France is pushing restrictions in the EU, which could lead to the abolition of a 125-year-old sport in the UK.

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France is pushing restrictions in the EU, which could lead to the abolition of a 125-year-old sport in the UK.

NEW EU regulations prohibiting British pigeons from competing in well-known European races are a massive “overkill,” according to an expert, who blamed France for “imposing rules.”

When the UK exited the Brexit transition period and the EU’s Single Market and Customs Union on December 31, pigeon racing fans in the UK lost their right to free movement. Transportation and obtaining the appropriate health certifications have become practically impossible for British pigeon racing aficionados since the introduction of the new strict requirements, which came into effect after a short transition period.

Pigeons cannot be transported to France without various health certificates and a 21-day quarantine, according to the rules.

“I believe the EU is overkilling in terms of the risk associated with racing pigeons,” Ian Evans, CEO of the Royal Pigeon Association, told This website.

“Previous EU legislation actually exempted such activities from any animal health requirements when transporting animals from another nation to the EU, because they recognized that the risk of disease transmission is almost impossible.”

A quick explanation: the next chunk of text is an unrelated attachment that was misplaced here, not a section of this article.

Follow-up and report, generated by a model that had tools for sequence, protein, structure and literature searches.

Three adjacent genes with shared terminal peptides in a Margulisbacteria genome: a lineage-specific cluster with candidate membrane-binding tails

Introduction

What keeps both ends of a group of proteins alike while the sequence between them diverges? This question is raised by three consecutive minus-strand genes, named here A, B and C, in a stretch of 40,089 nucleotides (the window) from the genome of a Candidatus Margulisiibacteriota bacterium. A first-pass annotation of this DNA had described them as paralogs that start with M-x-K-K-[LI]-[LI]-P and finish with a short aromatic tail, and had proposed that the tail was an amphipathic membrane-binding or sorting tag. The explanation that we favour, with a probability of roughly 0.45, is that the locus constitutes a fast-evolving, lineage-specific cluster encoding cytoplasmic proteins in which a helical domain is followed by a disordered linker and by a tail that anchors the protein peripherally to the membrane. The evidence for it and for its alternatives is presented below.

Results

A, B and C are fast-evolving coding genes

Every UK racing pigeon gets vaccinated against Newcastle disease every year, according to Mr Evans, and the likelihood of influenza spreading among the birds is low.

He believes that the EU requires a lot of “unnecessary paperwork” that prevents him from racing on the continent.

The Royal Pigeon Association has inquired as to why the regulations exist, but has yet to get a response.

“I’m not sure why the regulations exist,” Mr Evans remarked.

“On April 21st of this year, the EU enacted those new regulations.

“The pigeons were excluded from any health standards under previous regulations.”

“We were able to get a type of transitional period of six months,” he said, “but within that transitional period, member states were free to apply their own national regulations, and the French are imposing restrictions that are far too stringent.”

According to The Royal Pigeon Racing Association, pigeon racing has been a sport for roughly 125 years, and many people are quite passionate about it.

According to Mr Evans, the laws have had a “detrimental” effect on pigeon fanciers.

“For no legitimate reason, this kind of historic action has been taken away from them,” he said. It has the potential to be a game-changing event for our sport.

“Unless we can obtain some.”

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